Tim Casteel's Reviews > Amusing Ourselves to Death: Public Discourse in the Age of Show Business

Amusing Ourselves to Death by Neil Postman
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it was amazing

Written in 1985, Amusing could not be more relevant 34 years later re humankind’s endless appetite for distraction. I read two more Postman books in 2018 after reading Amusing because I was so taken by his ability to make sense of vast amounts of history- to explain how (and why) we got to now, especially as it relates to technology. I wish he were alive to explicate our modern iPhone epidemic.

Postman explains so much of our world- how technology affects our ability to think, and the resulting effects: anxiety and outrage (instead of reasoned discourse).

He puts into words what many of us feel - the glut of information causes anxiety, incoherence, and impotence. In the place of meaning, technology gives us amusement.

"In any communication environment input (what one is informed about) always exceeds output (possibilities of action based on information). [Technology] made the relationship between information & action both abstract & remote…What steps do you plan to take to reduce the conflict in the Middle East? Or the rates of inflation, crime and unemployment? You plan to do nothing about them.”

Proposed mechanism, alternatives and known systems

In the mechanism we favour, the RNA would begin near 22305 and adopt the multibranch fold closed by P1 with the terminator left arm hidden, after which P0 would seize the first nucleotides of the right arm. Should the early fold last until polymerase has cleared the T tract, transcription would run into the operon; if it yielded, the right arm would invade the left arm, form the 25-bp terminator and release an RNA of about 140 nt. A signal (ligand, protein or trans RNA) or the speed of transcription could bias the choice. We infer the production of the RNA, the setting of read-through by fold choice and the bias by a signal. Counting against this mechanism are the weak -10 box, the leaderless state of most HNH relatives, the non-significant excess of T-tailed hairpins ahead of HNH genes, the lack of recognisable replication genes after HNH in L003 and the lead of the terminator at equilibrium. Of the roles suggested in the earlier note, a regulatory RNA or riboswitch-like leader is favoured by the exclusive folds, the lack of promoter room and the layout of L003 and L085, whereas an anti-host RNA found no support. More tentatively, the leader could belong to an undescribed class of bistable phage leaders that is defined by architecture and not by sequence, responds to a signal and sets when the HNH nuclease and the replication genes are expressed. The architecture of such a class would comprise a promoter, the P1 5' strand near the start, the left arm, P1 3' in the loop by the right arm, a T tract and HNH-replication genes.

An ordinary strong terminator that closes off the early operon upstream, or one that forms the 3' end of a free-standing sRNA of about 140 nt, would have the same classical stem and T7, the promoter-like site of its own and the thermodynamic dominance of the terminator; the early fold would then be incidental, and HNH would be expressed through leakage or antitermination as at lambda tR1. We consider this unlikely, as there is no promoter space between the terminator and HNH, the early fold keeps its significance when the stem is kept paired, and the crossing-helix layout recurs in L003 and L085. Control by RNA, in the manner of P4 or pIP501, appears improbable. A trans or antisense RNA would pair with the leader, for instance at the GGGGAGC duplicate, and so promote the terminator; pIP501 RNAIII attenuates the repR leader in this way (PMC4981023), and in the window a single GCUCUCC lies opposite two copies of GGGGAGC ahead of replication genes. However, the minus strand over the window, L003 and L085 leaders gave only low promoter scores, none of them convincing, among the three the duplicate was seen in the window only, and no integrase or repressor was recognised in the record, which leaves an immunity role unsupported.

We have here a great loop of impotence: The news elicits from you a variety of opinions about which you can do nothing. The principal strength of the telegraph [much less the internet!] was its capacity to move information, not collect it, explain it or analyze it."

[We are a] "culture overwhelmed by irrelevance, incoherence, and impotence [that] offers fascination in place of complexity and coherence… a world that does not ask us, indeed, does not permit us to do anything; but is [always] endlessly entertaining."

What’s particularly interesting is his ability (as a secular Jew) to exhort Christians. Some have called Postman the secular CS Lewis. Postman’s critique of religion in the digital age is particularly poignant:
"There is no great religious leader —from Buddha to Moses to Jesus to Mohammed— who offered people what they want. Only what they need. But television [and the iPhone!] is not well suited to offering people what they need"
"It does not accommodate complex language or stringent demands. What is preached on television is not anything like the Sermon on the Mount. Religious programs are filled with good cheer. They celebrate affluence…I believe I am not mistaken in saying that Christianity is a demanding and serious religion. When it is delivered as easy and amusing, it is another kind of religion altogether.”
That’ll preach.
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Reading Progress

February 2, 2018 – Started Reading
February 2, 2018 – Shelved
February 9, 2018 – Finished Reading

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John Majors looking forward to your thoughts on this book


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